Former President Olusegun Obasanjo has a knack for speaking up once in a while, as if he’s afraid that by maintaining the quiet dignity expected of an elder statesman he will be forgotten. His latest foray into the public doma in comes by way of a charge that his successors in office, namely the late President Umaru Musa Yar’adua and President Goodluck Jonathan, are to blame for Nigeria’s continuing challenges with electricity.hat must be understood from the former president’s comments is this: not only did Yar’Adua and Jonathan, in Obasanjo’s opinion, “fail” to provide Nigerians with electricity, if he had remained president beyond the constitutionally-limited two terms, he would have turned Nigeria to an Eldorado where electricity is concerned. It is this predilection to see himself as the only one who can solve Nigeria’s problem that has led some commentators to conclude that Obasanjo has a Messiah Complex.
As far back as April 2000, Special Adviser to the President on Media and Publicity, Reuben Abati, who was then a columnist with The Guardian, tried to deconstruct Obasanjo’s Messiah Complex. In an article simply titled ‘Obasanjo’s Problems’, Abati wrote: “The first plank of the Obasanjo philosophy of governance is to introduce a new way of doing government business: to re-orientate government, and re-condition the Nigerian psyche for performance and competition in a democratic and global context. It is this rescue-mentality that many Obasanjo critics have dismissed as the messianic complex. Messianism is in itself desirable in a society such as ours at this time but that phrase cannot fly because the government’s strategy attacks the very fundaments of the Nigerian society.”
It is not the point here whether Abati succeeded in deconstructing Obasanjo’s Messiah Complex. What is of the essence is to note how long Nigerians have been grappling with the idea of an Obasanjo who believes he is the only one who can save the country.
In October of the same year that Abati wrote his treatise, another public commentator, Wale Adebanwi, wrote: “In many ways, Obasanjo is the Lugardian incarnate. He is re-living the temperament and personal aggrandizement of Lord Lugard, not to talk of his (Lugard’s) messiah-complex… But, if Obasanjo is messianic and Hossanah-prone in his conduct in power, is he to blame?”Adebanwi’s conclusions about Obasanjo’s Messiah Complex would surely resonate with many Nigerians, for the complexities of this country is such that many years are wasted in creating problems, and yet as soon as someone like Jonathan becomes President, there is the unrealistic expectation that he must solve all the problems overnight.
As regards the charge on electricity made by Obasanjo, it is best to examine the matter by referencing the historical basis of the former president’s criticisms. Obasanjo said: “When I was military head of state, I developed the Jebba Dam. I also developed the Shiroro Dam. I started Egbin. Shagari came and completed Egbin and commissioned Jebba and Shiroro. Between Shagari in 1983, until I came back in 1999, there was no single dime invested in power generation. If anything, the ones that were there were allowed to go down.”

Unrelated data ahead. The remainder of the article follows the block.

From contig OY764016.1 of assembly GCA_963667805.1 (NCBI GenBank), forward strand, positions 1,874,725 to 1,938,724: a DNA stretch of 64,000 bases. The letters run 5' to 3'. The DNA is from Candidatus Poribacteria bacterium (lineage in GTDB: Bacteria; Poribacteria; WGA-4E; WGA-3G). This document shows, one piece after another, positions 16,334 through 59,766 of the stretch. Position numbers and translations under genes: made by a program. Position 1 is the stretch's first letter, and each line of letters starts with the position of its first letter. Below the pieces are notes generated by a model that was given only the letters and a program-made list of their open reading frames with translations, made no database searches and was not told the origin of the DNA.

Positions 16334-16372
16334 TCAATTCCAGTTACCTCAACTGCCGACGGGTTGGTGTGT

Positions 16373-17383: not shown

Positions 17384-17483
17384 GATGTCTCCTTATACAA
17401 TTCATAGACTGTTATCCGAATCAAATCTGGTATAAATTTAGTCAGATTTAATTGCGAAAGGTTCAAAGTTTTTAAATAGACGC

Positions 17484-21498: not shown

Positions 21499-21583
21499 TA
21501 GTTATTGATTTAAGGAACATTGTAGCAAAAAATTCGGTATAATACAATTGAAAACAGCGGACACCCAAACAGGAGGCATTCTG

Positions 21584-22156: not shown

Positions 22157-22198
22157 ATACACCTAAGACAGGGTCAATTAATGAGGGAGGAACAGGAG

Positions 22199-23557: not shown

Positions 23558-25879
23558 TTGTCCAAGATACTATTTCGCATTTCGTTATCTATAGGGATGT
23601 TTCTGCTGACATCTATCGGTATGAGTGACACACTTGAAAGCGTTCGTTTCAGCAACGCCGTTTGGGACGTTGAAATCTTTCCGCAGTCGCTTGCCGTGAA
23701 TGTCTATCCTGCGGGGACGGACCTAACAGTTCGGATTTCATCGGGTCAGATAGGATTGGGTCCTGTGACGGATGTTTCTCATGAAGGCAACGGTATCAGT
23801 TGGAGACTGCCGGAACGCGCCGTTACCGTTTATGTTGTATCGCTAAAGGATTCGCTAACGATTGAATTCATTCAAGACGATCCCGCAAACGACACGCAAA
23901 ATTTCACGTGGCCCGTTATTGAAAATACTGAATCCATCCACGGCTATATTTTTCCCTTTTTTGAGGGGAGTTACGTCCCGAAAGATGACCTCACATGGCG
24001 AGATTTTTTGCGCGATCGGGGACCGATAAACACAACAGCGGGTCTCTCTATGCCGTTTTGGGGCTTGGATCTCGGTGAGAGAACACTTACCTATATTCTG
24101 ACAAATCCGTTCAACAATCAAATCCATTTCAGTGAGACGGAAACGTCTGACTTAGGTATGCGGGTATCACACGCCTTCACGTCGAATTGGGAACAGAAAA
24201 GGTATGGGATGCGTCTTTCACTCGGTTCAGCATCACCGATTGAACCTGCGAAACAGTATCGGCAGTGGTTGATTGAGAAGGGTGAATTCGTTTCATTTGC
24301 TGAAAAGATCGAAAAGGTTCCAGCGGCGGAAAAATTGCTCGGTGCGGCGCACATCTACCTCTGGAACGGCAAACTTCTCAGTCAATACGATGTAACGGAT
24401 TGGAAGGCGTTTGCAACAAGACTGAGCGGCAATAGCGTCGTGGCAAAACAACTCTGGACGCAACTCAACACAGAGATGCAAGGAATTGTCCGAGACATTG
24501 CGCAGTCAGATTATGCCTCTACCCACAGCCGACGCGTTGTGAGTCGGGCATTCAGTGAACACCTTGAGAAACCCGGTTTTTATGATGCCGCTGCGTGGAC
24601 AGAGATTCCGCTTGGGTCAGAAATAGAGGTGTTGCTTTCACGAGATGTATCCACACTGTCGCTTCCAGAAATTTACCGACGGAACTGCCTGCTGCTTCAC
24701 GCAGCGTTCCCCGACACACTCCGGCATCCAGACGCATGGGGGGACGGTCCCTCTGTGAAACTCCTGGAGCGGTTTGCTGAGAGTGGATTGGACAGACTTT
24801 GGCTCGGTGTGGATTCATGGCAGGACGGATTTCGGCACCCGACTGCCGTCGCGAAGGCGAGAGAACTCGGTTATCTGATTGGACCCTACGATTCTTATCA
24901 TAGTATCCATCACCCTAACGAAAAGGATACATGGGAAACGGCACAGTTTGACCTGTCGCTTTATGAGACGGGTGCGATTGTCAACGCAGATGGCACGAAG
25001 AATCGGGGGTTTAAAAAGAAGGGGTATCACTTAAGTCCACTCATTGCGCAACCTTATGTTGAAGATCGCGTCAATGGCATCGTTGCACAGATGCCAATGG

The contest of Obasanjo’s charges are therefore that, other than himself, no other Nigerian leader, for the better part of two decades, did a single thing to improve the country’s power situation. This may be true, but that Obasanjo himself is once again bringing this to the fore is indicative of something that is beyond the scope of a newspaper article to deconstruct. Nonetheless, Max Amuchie, another public commentator, tried in March of 2011 to interpret what some have now termed Obasanjo’s hubris.
Amuchie wrote: “As civilian president from 1999 to 2007, Obasanjo developed a messiah complex… As part of that complex, he encouraged praise singers and cheer leaders in his government to proclaim him ‘Father of modern Nigeria’, an honour that arguably belongs to Nnamdi Azikiwe, first president of Nigeria. It was also this messiah complex that led him to the ill-advised attempt to amend the constitution to make it possible for him to have a third term in office.”
There we have it! Having been denied a third term in office seven years ago, Obasanjo, in 2014, is still smarting from that rejection. That is why, the simple fact that under President Jonathan Nigeria is generating more electricity than it has ever generated in her history cannot encourage Obasanjo to indulge in a little humility and give even the slightest credit to someone else.
Meanwhile, the Minister of Power, Professor Chinedu Nebo, responded to Obasanjo’s charge by saying: “This administration has been working hard to make sure these issues are resolved. By the grace of God, they are getting resolved. For instance, we are generating more power now than Nigeria had ever generated in the past and it is part of the policies of this administration that is making that possible.”
Would this be enough for Obasanjo to assume the composure expected of an elder statesman? It is highly doubtful. But then again, if it is not Obasanjo that is doing it, then it means nothing is getting done.
Francis Ehigiator via Twitter: @francisehigiator